The purpose of this paper is to design an objective, valid and reliable “Checklist” tool that teachers could use to measure their students’ food skills acquisition.
The design of the Checklist was based on 18 procedural food skills identified by teachers and verified by analysis of skills in recipes that are typically used in food education programmes in secondary schools. The skills were divided into five skill-sets and a recipe covering the skills was selected to test the Checklist. For the test, three hypothetical situations of a person with low, some and expert skills making the recipe were demonstrated in separate videos. Teachers were invited to test the Checklist by viewing the videos, completing the Checklist for each of the three conditions and completing an evaluation.
In total, 40 home economics teachers tested the Checklist and reported that they could use the tool to measure the development and progress of their students’ procedural food skills. Analysis of variance analyses of the data and the non-parametric analyses suggest that the Checklist is a reliable and valid evaluation tool.
Teachers report using various tools to measure their students’ food skills acquisition but these have not been well-documented in the literature. These preliminary findings of an original and quantifiable tool showed that home economics teachers used the Checklist to measure their students’ procedural skills however, as the teachers’ comments suggest, further development and validation of the tool are required.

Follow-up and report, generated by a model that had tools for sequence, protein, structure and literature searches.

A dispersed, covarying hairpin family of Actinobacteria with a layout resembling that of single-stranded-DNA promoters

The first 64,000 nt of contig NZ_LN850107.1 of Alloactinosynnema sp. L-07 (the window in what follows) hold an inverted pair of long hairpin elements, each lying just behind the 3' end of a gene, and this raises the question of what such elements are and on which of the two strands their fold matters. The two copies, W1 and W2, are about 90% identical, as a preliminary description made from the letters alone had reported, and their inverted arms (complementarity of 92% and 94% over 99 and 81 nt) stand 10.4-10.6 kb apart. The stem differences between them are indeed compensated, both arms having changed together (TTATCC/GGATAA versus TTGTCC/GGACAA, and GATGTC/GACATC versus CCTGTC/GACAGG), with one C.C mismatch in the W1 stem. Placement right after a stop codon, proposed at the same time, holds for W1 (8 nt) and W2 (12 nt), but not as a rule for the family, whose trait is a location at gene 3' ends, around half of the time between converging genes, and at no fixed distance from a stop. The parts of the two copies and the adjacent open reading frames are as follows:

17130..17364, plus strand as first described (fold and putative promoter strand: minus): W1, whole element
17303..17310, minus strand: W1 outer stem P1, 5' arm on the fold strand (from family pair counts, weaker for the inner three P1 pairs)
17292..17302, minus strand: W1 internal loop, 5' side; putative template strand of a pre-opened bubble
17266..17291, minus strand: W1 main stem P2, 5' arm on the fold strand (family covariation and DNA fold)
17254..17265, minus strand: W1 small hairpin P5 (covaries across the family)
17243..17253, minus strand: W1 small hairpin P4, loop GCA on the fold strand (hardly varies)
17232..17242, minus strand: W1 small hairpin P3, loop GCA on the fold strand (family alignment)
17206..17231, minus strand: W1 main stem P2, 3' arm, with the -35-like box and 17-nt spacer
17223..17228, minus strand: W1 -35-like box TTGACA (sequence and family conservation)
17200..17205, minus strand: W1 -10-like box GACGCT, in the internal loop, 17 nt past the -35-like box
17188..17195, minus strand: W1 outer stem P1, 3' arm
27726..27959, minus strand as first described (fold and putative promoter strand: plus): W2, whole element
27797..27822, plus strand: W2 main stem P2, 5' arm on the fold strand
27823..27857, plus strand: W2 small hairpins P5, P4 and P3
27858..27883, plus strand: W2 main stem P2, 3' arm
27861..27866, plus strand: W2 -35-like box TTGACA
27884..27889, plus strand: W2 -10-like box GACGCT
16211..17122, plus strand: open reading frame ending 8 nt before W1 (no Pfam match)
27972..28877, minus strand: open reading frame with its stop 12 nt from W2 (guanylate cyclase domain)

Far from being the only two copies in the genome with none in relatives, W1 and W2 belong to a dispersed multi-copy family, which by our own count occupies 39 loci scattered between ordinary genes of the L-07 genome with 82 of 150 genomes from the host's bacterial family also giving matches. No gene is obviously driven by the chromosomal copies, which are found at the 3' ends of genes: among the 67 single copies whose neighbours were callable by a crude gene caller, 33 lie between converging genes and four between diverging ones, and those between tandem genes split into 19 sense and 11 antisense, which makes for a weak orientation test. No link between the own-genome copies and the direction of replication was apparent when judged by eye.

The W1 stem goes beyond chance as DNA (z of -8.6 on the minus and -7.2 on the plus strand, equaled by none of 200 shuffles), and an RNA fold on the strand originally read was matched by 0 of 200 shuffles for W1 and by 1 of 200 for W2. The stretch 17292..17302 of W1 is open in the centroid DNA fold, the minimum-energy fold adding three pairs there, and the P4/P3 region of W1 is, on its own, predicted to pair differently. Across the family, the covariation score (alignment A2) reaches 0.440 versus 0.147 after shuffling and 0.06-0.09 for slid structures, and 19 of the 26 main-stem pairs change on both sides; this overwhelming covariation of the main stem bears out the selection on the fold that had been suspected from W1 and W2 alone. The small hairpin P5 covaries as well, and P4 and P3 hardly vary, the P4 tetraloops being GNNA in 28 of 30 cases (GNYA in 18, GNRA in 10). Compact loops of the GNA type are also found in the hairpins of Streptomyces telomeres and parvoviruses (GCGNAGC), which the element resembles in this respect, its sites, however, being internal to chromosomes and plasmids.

The author acknowledges the members of Home Economics Victoria and the Larnook Ex-Students’ Association who assisted with the recruitment of participants and testing of the Checklist and the colleagues in the home economics profession in Australia and across the globe who gave so freely of their time to participate in the research. The author gives special thanks to Dr Wei Wang, Research Fellow at the Faculty of Health, School of Nursing and Midwifery at Deakin University, Melbourne, Australia for assistance with the statistical data analyses and Professor Tony Worsley, Chair in Behavioural Nutrition, School of Exercise and Nutrition Sciences at Deakin University, Melbourne, Australia.
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